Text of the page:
Hare Krishnas, Passover and a rabbi

April 5, 2017
A youthful Rabbi Bentzion Kravitz (third from left) chatting with Jewish leaders of the Krishna movement at their annual festival in Venice, Calif. Photo courtesy of Rabbi Bentzion Kravitz

As part of my efforts to reach Jews, I often visit unconventional places. I have even visited the annual Festival of the Chariots, held by the Hare Krishna movement in Venice Beach. In 1989, I met a husband and wife at one of those festivals. They were part of a group giving away Krishna books and literature.

I am anything but bashful. So I engaged them in conversation and discovered they were both Jewish. This is not surprising because many nontraditional religious factions have a large percentage of Jewish followers.

Established in 1965, the modern Hare Krishna movement came under criticism during the anti-cult movement in the 1970s and 1980s. Former members accused them of brainwashing and child abuse.

I had many long and meaningful follow-up discussions with this couple, and we became close friends. They were in their early 30s. The husband grew up attending a Reform synagogue in New York, and his wife grew up in a secular Jewish home in Los Angeles. They were disillusioned with Judaism because it did not seem relevant and did not address their longing for something spiritual. Their search took many years until they encountered the Krishna community, which provided a sense of family and spiritual purpose.

As we got closer to Passover, my wife, Dvora, and I decided to invite them to our family seder. They were very reluctant, perhaps frightened because they are used to strangers criticizing their lifestyle. But they accepted our invitation when we assured them they could come as they were, and we would make the meal vegetarian out of respect for them. It did take some effort to convince them that we should compromise and leave the shank bone on the seder plate.
Seders are, far and away, the most widely observed ritual in Jewish life, and it’s no wonder why: the great food and wine, family and friends, amazing storytelling and inspirational themes of liberation. And of course, for the kids, a prize for finding the afikomen.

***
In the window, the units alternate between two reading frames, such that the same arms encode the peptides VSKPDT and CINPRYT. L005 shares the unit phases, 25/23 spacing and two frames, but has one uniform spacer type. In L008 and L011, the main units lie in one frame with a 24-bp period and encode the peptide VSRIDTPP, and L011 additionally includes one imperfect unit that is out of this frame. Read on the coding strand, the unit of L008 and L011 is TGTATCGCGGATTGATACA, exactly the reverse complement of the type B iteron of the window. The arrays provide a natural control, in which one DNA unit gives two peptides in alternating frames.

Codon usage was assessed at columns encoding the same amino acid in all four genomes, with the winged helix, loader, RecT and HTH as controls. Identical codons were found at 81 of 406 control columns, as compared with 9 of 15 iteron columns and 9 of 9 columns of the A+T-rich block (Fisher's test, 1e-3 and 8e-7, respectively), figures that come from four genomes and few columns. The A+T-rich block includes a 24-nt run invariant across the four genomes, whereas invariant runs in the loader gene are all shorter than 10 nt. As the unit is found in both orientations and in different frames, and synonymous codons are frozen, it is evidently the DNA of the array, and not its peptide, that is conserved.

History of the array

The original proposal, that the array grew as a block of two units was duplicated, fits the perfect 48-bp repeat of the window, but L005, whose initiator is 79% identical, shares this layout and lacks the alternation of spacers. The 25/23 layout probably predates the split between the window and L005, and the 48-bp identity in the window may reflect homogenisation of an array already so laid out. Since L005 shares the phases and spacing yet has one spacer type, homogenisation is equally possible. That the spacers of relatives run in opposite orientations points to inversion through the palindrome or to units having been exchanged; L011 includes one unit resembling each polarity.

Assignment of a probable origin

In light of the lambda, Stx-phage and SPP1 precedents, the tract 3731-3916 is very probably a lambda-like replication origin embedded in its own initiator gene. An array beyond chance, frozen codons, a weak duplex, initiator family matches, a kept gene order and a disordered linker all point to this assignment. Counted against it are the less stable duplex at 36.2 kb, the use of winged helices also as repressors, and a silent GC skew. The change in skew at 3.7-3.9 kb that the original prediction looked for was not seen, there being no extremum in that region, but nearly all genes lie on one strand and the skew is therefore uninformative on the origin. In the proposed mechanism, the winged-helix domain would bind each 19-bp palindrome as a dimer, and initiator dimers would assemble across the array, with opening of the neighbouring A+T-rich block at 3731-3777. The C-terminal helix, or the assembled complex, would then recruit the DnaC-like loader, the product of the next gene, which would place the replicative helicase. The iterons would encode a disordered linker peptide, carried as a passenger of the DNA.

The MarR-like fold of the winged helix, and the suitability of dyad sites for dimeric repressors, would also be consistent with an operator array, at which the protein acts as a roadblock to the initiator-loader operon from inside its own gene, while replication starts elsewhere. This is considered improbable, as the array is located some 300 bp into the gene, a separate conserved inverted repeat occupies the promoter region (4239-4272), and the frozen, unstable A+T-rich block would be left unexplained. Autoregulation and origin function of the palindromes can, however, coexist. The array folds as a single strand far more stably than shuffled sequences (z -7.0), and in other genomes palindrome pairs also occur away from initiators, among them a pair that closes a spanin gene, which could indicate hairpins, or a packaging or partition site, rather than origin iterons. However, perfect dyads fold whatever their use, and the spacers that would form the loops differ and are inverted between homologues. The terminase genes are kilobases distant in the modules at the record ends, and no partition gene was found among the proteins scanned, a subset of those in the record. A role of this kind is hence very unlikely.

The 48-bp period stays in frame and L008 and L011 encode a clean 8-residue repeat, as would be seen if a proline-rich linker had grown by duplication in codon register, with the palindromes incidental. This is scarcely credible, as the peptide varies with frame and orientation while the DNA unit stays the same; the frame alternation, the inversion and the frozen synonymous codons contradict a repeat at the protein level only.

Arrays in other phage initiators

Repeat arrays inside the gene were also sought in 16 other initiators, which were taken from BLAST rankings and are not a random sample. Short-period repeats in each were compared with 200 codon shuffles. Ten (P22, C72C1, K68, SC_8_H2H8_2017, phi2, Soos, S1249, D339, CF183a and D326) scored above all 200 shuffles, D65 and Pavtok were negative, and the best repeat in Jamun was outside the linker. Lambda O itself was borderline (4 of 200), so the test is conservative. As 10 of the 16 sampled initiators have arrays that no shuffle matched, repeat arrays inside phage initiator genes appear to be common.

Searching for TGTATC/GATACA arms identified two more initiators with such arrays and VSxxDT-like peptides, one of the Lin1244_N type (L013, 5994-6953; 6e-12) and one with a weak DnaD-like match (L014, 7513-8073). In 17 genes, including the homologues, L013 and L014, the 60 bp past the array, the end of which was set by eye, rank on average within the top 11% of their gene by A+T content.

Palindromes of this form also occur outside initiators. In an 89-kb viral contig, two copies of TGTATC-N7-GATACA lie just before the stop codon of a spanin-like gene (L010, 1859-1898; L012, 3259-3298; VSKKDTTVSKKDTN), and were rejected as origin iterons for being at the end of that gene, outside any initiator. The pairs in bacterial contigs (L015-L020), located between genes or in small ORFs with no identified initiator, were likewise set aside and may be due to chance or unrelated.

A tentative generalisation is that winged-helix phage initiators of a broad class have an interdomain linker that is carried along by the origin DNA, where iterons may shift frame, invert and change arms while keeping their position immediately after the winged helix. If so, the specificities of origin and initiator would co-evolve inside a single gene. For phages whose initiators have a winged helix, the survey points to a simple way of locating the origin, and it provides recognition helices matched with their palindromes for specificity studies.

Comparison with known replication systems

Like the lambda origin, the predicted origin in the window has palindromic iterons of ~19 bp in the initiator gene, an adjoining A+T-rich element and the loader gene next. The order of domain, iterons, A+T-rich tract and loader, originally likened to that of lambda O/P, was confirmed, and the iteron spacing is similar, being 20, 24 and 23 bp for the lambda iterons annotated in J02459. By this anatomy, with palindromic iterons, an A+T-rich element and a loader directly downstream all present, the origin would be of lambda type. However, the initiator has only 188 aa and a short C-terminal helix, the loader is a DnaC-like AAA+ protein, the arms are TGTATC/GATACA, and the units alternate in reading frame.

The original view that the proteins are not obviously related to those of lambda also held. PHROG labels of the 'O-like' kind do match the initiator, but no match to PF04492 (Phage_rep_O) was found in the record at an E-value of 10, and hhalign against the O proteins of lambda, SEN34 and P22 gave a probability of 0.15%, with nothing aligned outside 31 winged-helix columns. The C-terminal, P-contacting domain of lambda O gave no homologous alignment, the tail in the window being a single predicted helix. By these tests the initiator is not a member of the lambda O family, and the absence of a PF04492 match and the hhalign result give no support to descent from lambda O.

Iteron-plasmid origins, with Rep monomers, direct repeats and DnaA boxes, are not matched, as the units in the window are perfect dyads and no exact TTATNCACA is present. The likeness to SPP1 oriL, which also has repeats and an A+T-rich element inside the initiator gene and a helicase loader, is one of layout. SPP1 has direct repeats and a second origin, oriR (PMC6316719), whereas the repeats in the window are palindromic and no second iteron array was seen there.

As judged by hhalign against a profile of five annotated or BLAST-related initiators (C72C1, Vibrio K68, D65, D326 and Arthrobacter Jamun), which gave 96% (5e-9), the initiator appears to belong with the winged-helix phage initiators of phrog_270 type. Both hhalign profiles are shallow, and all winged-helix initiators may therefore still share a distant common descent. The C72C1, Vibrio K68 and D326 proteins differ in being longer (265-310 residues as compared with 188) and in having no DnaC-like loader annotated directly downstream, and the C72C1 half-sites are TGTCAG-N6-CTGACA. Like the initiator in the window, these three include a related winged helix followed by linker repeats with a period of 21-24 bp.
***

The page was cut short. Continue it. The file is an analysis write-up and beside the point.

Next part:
During our 39 years of working in Jewish outreach, Dvora and I always have looked to the Passover seder as an opportunity to reach out to people who might need a welcoming and unthreatening bridge into Jewish life.
As part of my Jews for Judaism efforts in outreach, I work with people facing a spectrum of spiritual challenges. Some are seeking spiritual guidance because they are battling a life-threatening illness. Others are struggling with family or financial crises. For a long time, the core of my work focused on Jewish families who were heartbroken because a son or daughter had been deceptively enticed into converting to another religion.

More recently, families committed to Jewish tradition come to us for help — not because their children have turned to another religion, but because they have turned away from Judaism, rejecting their upbringing and their family’s values. All are looking for a way back to wholeness for their families.

And the seder is a great place to start.

Because we help people who are seeking, our neighbors are used to unconventional individuals showing up at our home in the very traditional Pico-Robertson neighborhood. Still, when this Jewish Krishna couple who had not attended a seder since they were children and had never visited a rabbi’s home walked to our front door, wearing their long, traditional Hindu saffron robes, many of our neighbors walking home from synagogue did a double take.

The seder turned into an amazing cross-cultural experience. They chanted along when we sang “Dayenu” and were moved by the deeper spiritual meaning of Passover and items on the seder plate.

Commonalities in our rituals became the focus of our discussion. When we discussed the shank bone, they were impressed that I knew that some of the Hindu Brahmans ate meat for sacrificial reasons. They sat mesmerized when we discussed how Abraham ran away from the idolatry of his father, and when we delved into the Chasidic interpretation of an omnipresent God.

Over the next few years, their interest in the spiritual dimension of Judaism grew, and they studied Torah and Chassidic philosophy with me on a regular basis.

To leave a spiritual path to which you have committed your life has unique challenges. They needed a replacement. I introduced them to a Los Angeles vegetarian group, Chavurah. This small community of like-minded Jews, who gathered weekly for fellowship and exploration of Judaism, was exactly what they needed. Eventually, my friends left the ashram and restarted their life with a newfound love of Judaism. Over time, I lost touch with them. However, I did hear that they were raising two Jewish children.

There is an important lesson in this story. Our sages introduced the Passover seder as a tool to help connect our children to their ancient and meaningful heritage. In some way, we are all children who have an inner desire for a deeper connection.

The seder is a special opportunity to nurture the yearning of our soul. The spiritual journey and transformation of this Jewish couple, from Hinduism back to Judaism, can provide us with a wonderful and inspirational lesson. It shows how we can overcome negative experiences and obstacles, and return to a meaningful Jewish life and pass it on to future generations.

And if they could do it, so can we.

Rabbi Bentzion Kravitz is the founder of Jews for Judaism, International. He is an author, counselor and speaker who hosts a live broadcast each week on the Jews for Judaism Facebook page.

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